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Air Carriers Withdraw from Voluntary Safety Programs, Just as Congress Seeks to Mandate Them

How ‘voluntary’ is voluntary?

Aviation Maintenance Technology recently reports that Comair’s mechanics have dropped out of the Aviation Safety Action Program (ASAP), a voluntary safety reporting program,

The International Association of Machinists (IAM) is the union that represents the employees, and the union accused Comair of wrongly punishing ASAP reporters (called whistle-blowers by IAM) who were identified in the ASAP program.

Under the ASAP program, airline employees are encouraged to report to the FAA issues that could become safety problems.  They are promised a limited immunity from FAA civil penalty or certificate action.  The ASAP program requires the air carrier to make bona-fide remedial efforts.  In some cases, particularly those shown to be non-systemic, this can mean job action taken against the responsible party to prevent future recurrence.  IAM feels that Comair has violated “the letter and the spirit” of the program by acting against workers who submitted voluntary reports.  Comair has not commented in response but you can imagine that they feel as though their hands are tied when the FAA demands remedial action, and wrong-doers hide behind their ASAP reports.

The Comair mechanics are not the first to consider withdrawing from a safety reporting programs.  Pilots at Delta and American Airlines dropped out of the program for a while because of similar disputes between labor and management over alleged sanctions against employees who filed reports. Programs at those carriers were later revived.

One problem with all of these programs is that some FAA employees in the Flight Standards Service approach aviation safety from the point of view of enforcers, requiring a “pound of flesh,” rather than focusing on cooperative efforts to effect systemic changes in order to prevent future recurrences.  In 2009, I represented a pair of pilots who participated in voluntary reporting, but were pursued for enforcement action by the FAA nonetheless.  The air carrier supported the pilots through the fight, and the air carrier felt pressure from the FAA in response (ultimately, the charges were dismissed by the Judge, but it would have been far easier for the air carrier to abandon the pilots instead of courageously supporting them).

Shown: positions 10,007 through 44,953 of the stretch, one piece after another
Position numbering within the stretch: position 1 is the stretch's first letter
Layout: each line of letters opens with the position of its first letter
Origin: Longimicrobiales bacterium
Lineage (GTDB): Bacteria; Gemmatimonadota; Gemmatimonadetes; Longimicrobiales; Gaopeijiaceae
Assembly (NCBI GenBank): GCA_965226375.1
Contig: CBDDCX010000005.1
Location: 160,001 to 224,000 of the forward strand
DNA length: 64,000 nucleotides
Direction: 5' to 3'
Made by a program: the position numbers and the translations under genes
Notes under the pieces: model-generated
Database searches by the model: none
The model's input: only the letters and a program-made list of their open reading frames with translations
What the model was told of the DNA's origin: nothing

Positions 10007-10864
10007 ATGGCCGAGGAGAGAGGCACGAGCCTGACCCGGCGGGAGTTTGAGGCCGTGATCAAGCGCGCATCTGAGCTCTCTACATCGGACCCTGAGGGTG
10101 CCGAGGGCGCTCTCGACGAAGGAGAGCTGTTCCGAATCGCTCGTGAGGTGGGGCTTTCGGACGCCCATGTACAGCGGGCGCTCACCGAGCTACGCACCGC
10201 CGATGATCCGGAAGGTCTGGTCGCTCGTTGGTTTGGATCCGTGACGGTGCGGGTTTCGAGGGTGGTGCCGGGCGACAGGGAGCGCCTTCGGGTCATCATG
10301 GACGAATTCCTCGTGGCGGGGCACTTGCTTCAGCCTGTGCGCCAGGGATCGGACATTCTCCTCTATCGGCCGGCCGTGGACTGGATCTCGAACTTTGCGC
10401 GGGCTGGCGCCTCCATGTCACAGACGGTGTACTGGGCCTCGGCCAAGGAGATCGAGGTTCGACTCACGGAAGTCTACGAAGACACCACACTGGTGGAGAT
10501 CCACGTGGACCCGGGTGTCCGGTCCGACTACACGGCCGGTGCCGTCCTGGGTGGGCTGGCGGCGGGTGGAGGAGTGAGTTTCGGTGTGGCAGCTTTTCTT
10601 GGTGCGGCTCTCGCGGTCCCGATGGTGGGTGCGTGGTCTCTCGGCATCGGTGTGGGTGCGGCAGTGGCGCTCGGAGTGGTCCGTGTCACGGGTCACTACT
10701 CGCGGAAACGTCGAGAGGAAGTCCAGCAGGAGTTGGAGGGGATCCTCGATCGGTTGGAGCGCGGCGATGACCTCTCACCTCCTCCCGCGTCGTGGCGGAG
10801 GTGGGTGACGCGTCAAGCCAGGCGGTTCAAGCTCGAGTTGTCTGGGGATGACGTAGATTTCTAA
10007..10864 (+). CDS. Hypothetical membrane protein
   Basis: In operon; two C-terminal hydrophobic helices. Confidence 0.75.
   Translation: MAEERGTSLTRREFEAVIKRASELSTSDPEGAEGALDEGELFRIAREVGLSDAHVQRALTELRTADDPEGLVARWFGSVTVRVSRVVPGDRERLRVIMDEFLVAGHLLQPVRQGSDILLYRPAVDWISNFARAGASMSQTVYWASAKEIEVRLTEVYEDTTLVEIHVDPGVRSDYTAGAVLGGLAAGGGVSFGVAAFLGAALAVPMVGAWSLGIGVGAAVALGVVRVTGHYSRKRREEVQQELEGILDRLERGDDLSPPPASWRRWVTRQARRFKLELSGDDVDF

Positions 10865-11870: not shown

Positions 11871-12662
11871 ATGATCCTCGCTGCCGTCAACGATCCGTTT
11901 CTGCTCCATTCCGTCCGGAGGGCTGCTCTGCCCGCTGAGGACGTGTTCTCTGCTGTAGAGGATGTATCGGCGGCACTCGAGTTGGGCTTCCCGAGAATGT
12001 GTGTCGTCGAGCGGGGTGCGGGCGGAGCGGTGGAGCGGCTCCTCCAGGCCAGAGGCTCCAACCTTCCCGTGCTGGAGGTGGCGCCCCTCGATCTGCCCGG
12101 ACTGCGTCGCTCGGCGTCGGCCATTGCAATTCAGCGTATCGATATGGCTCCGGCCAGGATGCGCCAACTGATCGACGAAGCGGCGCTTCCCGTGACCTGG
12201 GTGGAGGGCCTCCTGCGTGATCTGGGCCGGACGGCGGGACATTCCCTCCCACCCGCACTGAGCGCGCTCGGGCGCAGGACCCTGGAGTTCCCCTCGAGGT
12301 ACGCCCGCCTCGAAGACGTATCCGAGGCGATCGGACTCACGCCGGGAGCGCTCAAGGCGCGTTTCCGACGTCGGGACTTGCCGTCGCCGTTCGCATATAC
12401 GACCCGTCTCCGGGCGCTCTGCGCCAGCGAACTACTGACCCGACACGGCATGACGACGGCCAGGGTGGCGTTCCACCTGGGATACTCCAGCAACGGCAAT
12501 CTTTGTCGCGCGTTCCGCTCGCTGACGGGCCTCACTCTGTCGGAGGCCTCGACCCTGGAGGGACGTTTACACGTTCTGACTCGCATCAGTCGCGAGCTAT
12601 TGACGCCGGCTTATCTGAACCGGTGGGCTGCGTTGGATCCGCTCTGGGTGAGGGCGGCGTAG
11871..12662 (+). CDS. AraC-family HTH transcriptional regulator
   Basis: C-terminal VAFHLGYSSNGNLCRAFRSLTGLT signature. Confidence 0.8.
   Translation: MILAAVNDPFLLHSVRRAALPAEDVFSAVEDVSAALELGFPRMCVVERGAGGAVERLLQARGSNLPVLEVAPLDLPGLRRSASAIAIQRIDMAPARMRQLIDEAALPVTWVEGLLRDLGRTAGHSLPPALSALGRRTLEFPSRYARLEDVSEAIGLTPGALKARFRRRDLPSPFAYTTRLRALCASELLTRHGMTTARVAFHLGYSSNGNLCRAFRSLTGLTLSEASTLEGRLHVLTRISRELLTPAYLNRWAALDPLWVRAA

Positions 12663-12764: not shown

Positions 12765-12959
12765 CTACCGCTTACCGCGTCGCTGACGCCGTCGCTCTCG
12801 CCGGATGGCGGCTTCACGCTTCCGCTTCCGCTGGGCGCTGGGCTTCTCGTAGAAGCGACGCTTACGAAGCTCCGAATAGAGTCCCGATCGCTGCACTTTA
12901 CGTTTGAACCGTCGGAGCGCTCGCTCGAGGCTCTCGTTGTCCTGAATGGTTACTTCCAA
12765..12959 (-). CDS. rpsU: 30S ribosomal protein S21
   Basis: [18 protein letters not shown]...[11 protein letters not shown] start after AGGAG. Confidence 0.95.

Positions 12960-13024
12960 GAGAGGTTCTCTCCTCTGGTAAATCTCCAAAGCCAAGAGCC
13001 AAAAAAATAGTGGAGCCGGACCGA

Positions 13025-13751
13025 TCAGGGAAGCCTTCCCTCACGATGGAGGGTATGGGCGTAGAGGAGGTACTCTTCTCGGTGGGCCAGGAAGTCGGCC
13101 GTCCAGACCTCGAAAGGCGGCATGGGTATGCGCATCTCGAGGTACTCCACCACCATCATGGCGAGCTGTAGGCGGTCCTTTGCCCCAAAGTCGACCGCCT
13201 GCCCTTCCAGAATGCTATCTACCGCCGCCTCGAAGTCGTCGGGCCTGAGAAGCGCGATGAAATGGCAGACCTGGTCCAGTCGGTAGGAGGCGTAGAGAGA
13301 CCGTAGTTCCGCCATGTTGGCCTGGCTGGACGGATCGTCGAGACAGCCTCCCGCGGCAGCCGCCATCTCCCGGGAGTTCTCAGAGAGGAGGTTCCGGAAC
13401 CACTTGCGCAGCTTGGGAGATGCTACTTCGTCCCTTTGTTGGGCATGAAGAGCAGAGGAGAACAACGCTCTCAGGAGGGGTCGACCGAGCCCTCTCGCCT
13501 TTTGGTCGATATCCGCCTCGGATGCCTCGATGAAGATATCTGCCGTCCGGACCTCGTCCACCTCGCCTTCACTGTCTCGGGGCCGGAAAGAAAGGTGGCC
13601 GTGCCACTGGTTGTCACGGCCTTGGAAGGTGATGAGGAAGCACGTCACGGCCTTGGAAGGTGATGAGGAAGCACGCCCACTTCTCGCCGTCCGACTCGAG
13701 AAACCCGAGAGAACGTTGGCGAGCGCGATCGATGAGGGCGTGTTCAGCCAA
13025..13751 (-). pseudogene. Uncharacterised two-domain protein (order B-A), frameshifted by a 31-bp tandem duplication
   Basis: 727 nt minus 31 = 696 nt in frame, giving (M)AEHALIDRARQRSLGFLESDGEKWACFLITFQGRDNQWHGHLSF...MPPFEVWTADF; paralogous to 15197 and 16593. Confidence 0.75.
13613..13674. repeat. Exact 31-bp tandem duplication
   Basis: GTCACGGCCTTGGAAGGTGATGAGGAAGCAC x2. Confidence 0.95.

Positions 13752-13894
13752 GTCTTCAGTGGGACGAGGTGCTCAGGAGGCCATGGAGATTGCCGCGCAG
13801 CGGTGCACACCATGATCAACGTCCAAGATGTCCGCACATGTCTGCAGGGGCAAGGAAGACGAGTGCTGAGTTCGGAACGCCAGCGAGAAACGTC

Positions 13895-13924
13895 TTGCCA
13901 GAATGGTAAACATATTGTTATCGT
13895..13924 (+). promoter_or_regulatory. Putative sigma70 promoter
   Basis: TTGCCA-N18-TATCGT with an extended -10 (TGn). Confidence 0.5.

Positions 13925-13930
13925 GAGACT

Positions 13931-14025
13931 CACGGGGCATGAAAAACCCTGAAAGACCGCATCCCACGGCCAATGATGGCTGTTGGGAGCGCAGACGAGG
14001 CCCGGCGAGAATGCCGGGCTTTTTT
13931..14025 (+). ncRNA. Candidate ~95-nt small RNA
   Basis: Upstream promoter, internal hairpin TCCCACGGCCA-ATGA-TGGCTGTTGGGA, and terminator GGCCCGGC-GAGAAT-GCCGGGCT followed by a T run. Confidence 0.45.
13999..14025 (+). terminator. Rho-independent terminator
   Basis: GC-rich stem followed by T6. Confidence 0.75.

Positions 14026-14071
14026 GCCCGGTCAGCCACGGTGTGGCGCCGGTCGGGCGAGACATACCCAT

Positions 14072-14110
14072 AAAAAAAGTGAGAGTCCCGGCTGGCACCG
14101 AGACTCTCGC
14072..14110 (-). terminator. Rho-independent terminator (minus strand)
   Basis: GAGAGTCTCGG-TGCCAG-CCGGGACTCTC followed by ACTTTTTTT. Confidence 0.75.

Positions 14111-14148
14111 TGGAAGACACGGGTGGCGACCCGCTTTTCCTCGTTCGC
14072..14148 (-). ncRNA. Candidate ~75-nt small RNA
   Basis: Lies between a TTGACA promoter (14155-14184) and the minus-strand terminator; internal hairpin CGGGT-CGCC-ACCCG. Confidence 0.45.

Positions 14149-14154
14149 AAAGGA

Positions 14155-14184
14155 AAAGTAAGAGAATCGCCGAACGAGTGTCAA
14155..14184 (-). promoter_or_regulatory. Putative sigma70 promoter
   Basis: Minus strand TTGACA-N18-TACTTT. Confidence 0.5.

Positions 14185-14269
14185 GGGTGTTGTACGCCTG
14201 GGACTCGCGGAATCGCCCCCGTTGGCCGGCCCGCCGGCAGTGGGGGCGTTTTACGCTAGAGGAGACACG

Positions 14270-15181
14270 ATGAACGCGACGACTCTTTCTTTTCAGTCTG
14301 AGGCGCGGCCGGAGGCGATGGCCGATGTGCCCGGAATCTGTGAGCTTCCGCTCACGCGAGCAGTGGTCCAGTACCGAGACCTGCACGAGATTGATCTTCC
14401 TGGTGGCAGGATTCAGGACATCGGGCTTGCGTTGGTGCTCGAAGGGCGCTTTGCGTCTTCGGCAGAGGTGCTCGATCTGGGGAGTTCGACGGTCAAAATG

It is likely that none of these programs will be ‘voluntary’ for long.  In the recently passed HR 5900 (signed into law August 1 as Public Law 111-216), Congress required the FAA to promulgate a rule requiring SMS for air carriers, and directed that the new rule incorporate several voluntary safety programs as regulatory mandates.  The Aviation Safety Action Program – the same program from which Comair’s mechanics have resigned – is one of those programs.  If well-drafted, the new regulation could address some of the concerns that have been raised by groups like IAM concerning the contradiction between the requirement to take remedial action (which can include taking job action against an employee who has performed incorrectly) and the desire to encourage employees to make voluntary safety reports in order to improve the system.  But to ensure that it is well-drafted, it will be important for industry groups and companies to work together to file comments to aid in the proper drafting of the proposed rule, when it is released for comment this Fall.

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About Jason Dickstein

Mr. Dickstein is the President of the Washington Aviation Group, a Washington, DC-based aviation law firm. He represents several aviation trade associations, including the Aviation Suppliers Association, the Aircraft Electronics Association, the Aircraft Fleet Recycling Association and the Modification and Replacement Parts Association.

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